MILLIONS will start to notice a big change to their mobile phones as providers start switching off key services.
Operators have confirmed to the Government that they will switch off their 2G and 3G networks by 2033 at the latest.
The change will support the roll-out of the 4G and 5G networks, which are faster and more reliable for users.
Ofcom has today set what it expects providers to do to support customers through the change.
It says operators should explain in customers’ contracts that 2G and 3G services will be coming to an end, and that they will need to purchase a 4G-capable device at a later date.
The regulator also said customers who need to replace or update a handset will need at least three to six months’ notice.
Hard-up customers will also need to be given additional support, which could include discounts on replacement handsets, Ofcom said.
Rocio Concha, Which? director of policy and advocacy, said it was positive that Ofcom had set out its expectations.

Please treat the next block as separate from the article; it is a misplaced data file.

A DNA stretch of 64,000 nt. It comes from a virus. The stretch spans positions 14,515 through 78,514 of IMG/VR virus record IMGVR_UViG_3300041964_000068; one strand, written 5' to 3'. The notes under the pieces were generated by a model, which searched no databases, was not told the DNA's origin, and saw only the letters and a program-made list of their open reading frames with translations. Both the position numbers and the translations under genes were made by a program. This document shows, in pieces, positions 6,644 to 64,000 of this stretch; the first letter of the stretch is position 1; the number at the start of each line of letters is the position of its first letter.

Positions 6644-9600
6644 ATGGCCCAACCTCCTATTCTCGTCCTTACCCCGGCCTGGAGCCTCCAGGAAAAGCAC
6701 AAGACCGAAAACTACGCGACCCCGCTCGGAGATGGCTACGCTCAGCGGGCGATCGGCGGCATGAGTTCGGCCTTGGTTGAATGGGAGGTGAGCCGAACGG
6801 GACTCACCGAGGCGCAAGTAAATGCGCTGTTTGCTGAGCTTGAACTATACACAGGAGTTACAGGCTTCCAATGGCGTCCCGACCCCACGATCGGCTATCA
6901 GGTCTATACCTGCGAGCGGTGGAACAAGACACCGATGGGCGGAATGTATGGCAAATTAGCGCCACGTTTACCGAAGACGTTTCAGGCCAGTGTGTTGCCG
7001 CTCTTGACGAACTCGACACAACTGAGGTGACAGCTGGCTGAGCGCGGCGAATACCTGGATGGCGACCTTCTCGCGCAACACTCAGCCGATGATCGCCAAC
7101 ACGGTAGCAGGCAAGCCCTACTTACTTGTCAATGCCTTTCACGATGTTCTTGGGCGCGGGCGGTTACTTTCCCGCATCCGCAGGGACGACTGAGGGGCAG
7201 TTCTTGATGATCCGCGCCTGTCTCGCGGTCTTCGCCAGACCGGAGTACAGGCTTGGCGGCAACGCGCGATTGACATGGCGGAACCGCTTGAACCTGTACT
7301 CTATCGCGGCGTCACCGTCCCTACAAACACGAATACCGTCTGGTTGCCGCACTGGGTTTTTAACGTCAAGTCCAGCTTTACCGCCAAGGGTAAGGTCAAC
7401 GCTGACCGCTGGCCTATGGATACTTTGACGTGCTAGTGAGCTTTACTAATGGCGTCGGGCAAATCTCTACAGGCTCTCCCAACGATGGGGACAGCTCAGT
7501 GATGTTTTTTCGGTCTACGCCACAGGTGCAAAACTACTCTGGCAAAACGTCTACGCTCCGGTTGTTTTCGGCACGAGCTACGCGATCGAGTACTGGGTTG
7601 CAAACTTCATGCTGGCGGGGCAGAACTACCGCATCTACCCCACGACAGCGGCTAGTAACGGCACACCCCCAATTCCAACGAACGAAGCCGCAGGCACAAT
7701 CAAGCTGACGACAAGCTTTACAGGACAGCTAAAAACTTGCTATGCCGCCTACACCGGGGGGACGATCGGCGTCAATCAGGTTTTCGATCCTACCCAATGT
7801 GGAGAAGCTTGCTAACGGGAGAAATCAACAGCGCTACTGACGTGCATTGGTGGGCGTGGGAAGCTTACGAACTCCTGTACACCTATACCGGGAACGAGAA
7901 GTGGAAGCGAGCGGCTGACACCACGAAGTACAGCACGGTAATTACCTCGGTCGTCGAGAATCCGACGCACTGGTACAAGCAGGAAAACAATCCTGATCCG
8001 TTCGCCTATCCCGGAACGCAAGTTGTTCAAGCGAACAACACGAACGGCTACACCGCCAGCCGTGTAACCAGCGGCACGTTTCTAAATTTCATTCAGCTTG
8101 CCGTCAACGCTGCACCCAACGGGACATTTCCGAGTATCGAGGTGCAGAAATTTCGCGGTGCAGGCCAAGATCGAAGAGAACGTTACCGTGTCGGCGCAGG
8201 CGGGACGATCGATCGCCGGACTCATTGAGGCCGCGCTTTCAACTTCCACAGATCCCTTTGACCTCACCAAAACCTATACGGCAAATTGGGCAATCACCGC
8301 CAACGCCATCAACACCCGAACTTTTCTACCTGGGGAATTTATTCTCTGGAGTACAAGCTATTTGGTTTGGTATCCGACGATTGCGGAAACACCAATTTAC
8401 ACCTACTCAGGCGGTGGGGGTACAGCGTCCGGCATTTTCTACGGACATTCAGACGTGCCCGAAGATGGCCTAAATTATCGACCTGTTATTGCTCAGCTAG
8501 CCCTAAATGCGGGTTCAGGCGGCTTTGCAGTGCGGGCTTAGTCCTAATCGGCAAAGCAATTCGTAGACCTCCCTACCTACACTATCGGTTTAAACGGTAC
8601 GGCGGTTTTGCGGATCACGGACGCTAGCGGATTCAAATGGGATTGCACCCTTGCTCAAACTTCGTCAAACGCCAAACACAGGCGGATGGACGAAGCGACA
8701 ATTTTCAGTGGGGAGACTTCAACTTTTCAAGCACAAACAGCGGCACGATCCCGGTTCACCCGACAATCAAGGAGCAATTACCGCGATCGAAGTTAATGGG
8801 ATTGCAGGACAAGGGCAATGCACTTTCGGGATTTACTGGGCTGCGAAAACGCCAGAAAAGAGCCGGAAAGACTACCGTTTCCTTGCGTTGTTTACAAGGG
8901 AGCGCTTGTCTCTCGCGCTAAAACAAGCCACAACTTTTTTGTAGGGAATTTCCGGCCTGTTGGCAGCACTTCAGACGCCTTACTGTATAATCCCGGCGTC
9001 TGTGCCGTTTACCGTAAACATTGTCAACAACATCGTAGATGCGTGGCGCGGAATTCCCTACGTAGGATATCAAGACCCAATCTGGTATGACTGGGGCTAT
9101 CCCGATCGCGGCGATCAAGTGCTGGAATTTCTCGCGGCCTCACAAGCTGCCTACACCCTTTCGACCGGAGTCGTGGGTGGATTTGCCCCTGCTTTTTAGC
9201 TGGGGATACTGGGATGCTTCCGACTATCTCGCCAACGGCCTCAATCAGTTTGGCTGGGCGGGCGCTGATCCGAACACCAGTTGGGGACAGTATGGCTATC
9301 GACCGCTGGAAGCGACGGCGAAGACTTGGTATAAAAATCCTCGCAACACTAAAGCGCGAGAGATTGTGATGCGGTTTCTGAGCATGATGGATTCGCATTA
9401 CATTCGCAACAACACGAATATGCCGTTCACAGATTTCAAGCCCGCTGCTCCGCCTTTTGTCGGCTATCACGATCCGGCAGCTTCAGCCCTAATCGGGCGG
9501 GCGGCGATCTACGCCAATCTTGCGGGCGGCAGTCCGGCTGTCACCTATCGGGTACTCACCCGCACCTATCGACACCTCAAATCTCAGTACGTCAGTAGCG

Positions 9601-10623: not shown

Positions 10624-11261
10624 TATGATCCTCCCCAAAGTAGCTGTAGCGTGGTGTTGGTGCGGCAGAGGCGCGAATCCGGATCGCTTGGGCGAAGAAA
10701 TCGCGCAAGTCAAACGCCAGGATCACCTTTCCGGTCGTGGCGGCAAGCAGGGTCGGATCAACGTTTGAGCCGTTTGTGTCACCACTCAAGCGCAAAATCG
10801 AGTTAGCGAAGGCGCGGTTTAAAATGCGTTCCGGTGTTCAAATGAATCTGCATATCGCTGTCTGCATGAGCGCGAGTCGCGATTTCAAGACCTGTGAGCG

She said: “Mobile operators must support consumers through the switch off. In particular, they should help vulnerable customers find the best option for them in the switch off – as they may have older handsets or be unable to afford an upgrade to a 4G or 5G capable device.”
A number of providers have already confirmed that they will start pulling the plug from this month.
Vodafone is aiming to decommission all its UK 3G services by the end of the year.
It’s kicking off the gradual process starting with Plymouth and Basingstoke.
The tech giant has already said customers who are registered as financially vulnerable could be eligible for a free handset.
Vodafone customers concerned about the switch can call a dedicated team on 191 for free from their handset.
Three started switching off its 3G services last year.
EE will also phase out the network throughout the year and is set to shut it down entirely sometime in the early part of 2024.
O2 has not confirmed final details for its 3G shutdown, but it is expected to be no later than 2025.
A quarter of mobile users claim they use 3G regularly, according to research by USwitch.
And one in 14 say they rely on it entirely around their area.
Network providers have to shutdown 3G to make room for the newer, more advanced stuff.
Vodafone, EE and Three have indicated that 2G will still be acting as a safety network for people who may not have access to faster speeds after 3G is gone.
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